I've had a tough season; no great results and a bad crash. This round was the last chance for me to get my confidence back.
I wasn't really comfortable in practice. To be honest, I was kinda scared. I wasn't sure if it was the car or me. I think it was both. The bank reminded me of the crash I had in Seattle. We kept changing the front suspension setup and I became more comfortable by the end of the session. I tried 100 percent and was able to qualify Sixth.
In the Top 32 round, I went against Ross Petty. When I was leading, I think I had my best run so far. I was scraping my rear bumper on the bank wall. When I was following, he made a lot of smoke and I couldn't see very well at the first transition and I hit the clipping cone, so I thought it was going to be a One More Time, but the judges gave it to me. I guess my leading run was really good.
In Top 16, I faced Darren McNamara. He is my teammate, but his main sponsor is Sears. So it was Discount Tire versus Sears. Since I haven't been able to provide Discount Tire with any good results yet, I had to win this battle at least. I was pumped. When was leading, I did another best run. After this, I proved to myself that I can drive well. I felt my confidence return. I was in game-face mode for the first time since last year. On the following run, he was fast, but he touched the wall and that made him slow down a bit. I was able to suck into the side of his car to take the win. It was my first time moving on to the Great 8 round in 2009 and the first time ever for Discount Tire. I was so happy.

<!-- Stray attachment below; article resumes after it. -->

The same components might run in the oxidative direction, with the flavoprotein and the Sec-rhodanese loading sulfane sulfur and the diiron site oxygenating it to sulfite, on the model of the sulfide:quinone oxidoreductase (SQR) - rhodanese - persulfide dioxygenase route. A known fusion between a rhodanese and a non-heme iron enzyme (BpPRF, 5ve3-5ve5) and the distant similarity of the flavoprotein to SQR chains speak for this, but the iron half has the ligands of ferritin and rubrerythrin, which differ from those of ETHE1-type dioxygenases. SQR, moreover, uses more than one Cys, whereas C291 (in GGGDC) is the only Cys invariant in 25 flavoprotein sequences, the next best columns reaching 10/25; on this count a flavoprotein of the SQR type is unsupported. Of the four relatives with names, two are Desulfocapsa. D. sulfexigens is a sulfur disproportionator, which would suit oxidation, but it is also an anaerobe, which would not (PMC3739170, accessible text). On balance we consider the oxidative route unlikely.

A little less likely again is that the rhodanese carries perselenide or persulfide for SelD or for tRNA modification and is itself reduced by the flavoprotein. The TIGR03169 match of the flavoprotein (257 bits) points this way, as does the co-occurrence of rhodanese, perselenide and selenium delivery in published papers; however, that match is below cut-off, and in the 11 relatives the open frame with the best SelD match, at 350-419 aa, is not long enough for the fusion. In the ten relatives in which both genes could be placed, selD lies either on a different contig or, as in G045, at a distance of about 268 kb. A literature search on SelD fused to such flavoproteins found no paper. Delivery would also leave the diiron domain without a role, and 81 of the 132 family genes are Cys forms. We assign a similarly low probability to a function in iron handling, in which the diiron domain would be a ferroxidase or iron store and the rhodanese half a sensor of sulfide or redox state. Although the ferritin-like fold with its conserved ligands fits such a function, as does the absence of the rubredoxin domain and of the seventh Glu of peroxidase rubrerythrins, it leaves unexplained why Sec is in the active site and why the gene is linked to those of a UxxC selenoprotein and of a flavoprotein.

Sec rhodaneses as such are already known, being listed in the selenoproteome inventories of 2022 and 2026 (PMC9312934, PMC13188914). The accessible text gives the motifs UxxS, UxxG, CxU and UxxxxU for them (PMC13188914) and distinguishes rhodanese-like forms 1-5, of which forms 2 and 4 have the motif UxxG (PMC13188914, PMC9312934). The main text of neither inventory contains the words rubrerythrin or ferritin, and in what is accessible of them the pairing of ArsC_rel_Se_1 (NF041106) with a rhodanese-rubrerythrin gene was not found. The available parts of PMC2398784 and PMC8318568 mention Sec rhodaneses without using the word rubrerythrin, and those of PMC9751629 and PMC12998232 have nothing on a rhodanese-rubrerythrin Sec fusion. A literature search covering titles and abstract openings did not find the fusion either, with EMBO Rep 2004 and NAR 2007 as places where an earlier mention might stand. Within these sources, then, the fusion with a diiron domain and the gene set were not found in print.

I went against Tanner Foust in the Great 8. I felt really good and thought I was going to win! He took the lead first. He is one of the quickest guys, so I focused on going as fast as I could and stuck with him. I was doing well until we were coming out of the bank. He made so much tire smoke that I couldn't see much just before the transition. I lost him for a second and that made a little gap, but I was still able to follow him. At the last corner, he made tons of smoke again and I absolutely couldn't see a thing. But I didn't want to back off, so I stayed on the gas anyway. Then, unfortunately, I hit the K-rail. WTF?! I broke the front bumper! I tried my best when I was leading, but I couldn't beat him.
I finished in Sixth Place. It wasn't the greatest result, but the most important thing was that I definitely got my mojo back. At last, my worst season is over . . . too bad it ended right when it started getting good! But I think everything happens for a reason. I have been through a lot and learned so much this year.
Thanks to everyone who supported me through 2009. Also, I want to thank Team Falken Tire, Discount Tire and all the sponsors. I will be stronger and back in the fight for the championship in 2010!
The good Mister Foust is one of the giants of the scene who can always be relied upon to give good drift. This diary gives a fine insight into the mind of a man who drives sideways for a living. Turns out he's not afraid of commitment.
There are only two real options when choosing a line for the Irwindale circuit. Option one: slow down while making the main transition, allowing the car to cut back further up toward the judges, then simply drive by the judging wall. This line allows the bumper to stay close to the inner oval wall as long as possible, but compromises speed, racing line, and in my opinion, impact.